One in five households ditch home phones

End of the landline? One in five households ditch home phones – and 72 per cent of those who keep them say it’s only for the broadband, show figures

  • Research by comparethemarket.com showed 1 in 5 homes still have landlines
  • Less than a quarter of 18 to 34 year olds found to have landlines in their homes
  • 20% of people said they got rid of home phone due to cold calls and scammers

It was once considered an important status symbol – but having a home phone is increasingly seen as a costly white elephant.

New figures show that one in five households no longer bother with a landline, and almost a third of those that do never actually use it.

The vast majority of people who still have a home phone – 72 per cent – say they only have it because it is part of their broadband package.

New figures from price comparison site comparethemarket.com found one in five households no longer have a landline, with almost a third of those never actually using it. Picture: Stock

Research from price comparison website comparethemarket.com also shows that less than a quarter of 18-to-34-year-olds use landlines at all, preferring to rely on their mobile phone.

But that’s not the only reason to ditch the home phone – 20 per cent of those surveyed said that they were fed up with the number of cold calls and would-be scammers.

Digital media expert Dr Elinor Carmi said there was a generational and social divide in phone use. She explained: ‘If you’re young and have the mobility to go outside, you would rely on a mobile phone. But if you are older, disabled and perhaps poorer, our research shows you’re more likely to use a landline.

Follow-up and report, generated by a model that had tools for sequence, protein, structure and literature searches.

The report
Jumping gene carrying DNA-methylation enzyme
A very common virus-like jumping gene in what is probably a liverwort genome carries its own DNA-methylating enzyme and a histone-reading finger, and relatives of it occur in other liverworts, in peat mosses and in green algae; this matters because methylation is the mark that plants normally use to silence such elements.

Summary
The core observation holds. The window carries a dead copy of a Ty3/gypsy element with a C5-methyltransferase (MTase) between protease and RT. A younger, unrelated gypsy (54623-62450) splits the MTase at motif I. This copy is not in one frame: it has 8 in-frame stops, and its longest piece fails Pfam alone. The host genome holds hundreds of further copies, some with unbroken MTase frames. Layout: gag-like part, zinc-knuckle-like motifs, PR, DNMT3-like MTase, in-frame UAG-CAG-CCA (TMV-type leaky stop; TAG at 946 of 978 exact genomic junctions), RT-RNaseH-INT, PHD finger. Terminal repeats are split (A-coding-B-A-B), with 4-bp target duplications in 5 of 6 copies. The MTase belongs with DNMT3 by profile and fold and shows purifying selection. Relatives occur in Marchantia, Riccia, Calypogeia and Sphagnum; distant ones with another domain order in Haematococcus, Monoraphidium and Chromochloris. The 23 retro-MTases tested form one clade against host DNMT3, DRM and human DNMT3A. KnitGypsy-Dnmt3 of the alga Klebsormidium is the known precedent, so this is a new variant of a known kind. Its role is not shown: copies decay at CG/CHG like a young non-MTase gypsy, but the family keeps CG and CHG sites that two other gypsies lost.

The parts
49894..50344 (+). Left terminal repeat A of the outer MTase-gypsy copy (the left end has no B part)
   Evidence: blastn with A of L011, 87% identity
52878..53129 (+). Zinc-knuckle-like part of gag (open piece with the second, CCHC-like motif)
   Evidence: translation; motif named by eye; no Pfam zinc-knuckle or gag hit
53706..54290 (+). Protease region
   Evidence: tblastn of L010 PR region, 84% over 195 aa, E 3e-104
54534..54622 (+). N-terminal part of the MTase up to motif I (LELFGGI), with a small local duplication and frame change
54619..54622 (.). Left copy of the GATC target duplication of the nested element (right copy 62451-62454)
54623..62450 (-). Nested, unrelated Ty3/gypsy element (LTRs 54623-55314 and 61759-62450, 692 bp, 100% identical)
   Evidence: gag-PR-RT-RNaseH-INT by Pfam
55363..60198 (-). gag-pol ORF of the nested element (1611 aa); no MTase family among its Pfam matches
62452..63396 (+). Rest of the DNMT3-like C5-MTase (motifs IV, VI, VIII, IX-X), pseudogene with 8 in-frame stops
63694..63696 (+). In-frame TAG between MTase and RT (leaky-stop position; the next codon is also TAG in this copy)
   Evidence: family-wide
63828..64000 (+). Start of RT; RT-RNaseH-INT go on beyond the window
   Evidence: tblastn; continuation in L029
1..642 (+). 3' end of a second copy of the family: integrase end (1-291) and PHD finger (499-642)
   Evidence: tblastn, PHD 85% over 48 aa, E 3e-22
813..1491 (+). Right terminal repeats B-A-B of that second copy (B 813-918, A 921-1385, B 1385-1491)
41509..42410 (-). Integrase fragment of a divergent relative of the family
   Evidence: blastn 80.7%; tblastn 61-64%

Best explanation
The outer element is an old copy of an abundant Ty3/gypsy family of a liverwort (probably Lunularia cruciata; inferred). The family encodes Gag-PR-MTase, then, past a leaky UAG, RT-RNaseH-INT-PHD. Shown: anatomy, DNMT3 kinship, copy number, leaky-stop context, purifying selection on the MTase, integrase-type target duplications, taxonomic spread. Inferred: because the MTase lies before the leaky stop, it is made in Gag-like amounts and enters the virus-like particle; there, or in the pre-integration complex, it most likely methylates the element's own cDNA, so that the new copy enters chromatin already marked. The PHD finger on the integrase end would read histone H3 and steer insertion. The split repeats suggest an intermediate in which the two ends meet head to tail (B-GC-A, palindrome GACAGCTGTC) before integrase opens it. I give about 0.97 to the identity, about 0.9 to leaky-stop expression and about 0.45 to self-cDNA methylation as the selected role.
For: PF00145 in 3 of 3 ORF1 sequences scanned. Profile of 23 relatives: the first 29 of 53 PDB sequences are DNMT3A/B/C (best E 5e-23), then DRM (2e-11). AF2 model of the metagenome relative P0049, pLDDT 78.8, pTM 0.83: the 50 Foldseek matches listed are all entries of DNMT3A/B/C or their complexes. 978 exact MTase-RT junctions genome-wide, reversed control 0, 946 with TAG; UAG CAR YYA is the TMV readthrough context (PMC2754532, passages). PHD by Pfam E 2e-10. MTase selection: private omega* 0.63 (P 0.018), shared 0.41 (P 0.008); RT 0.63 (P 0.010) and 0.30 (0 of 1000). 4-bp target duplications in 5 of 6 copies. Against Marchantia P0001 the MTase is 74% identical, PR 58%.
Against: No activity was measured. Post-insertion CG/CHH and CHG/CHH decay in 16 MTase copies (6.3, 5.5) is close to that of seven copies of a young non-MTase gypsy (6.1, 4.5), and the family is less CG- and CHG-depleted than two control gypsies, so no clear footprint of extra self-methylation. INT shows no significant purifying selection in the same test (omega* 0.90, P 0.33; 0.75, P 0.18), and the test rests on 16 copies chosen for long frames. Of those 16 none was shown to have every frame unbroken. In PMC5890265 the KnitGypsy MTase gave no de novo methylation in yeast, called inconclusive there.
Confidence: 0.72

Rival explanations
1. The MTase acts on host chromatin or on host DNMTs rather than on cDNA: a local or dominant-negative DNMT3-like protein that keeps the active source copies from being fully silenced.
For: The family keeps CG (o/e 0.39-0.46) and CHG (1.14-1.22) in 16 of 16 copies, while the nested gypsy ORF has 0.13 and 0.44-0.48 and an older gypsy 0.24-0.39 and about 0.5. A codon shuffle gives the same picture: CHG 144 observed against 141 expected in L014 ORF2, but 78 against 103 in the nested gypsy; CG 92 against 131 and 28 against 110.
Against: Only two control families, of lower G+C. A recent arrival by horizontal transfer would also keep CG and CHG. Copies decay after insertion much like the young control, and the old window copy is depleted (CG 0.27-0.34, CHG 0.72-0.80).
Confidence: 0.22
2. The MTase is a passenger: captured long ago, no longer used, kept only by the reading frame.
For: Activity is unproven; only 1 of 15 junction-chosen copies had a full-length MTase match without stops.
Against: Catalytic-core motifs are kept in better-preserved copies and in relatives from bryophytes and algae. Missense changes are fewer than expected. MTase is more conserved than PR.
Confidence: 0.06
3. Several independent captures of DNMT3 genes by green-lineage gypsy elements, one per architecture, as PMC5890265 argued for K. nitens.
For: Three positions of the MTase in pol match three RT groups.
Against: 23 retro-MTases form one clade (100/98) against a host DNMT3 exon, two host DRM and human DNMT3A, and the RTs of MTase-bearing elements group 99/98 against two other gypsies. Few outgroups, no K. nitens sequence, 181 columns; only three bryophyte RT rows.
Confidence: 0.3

‘If you are richer, you will have access to more smart devices – a smart TV, smartphone or laptop. But the poorer you are – or if you are older, your use of these devices is more limited.’ 

Landlines were at their most popular in the late 1990s when 95 per cent of households had one.

Last year, research from regulator Ofcom found that the amount of time spent on landline calls annually in the UK had halved over just six years, to 54 billion minutes.

Less than a quarter of 18-to-34-year-olds use landlines at all, preferring to rely on their mobile phone. Picture: Stock

The new study also revealed that more than a quarter of households have looked into swapping to a broadband provider that does not charge for their unused landline, but only six per cent have done so.

Neena Bhati, head of campaigns at consumer group Which?, said: ‘Anyone with a landline that they do not use should make sure their package is not charging them extra for call time that they don’t need.’

Holly Niblett, from comparethe market.com, said: ‘At about £200 a year, line rental charges are a 20th Century hangover in an increasingly digital age.

‘Ofcom analysis shows that buying broadband as a package bundle can be cheaper than purchasing these services with different providers.’

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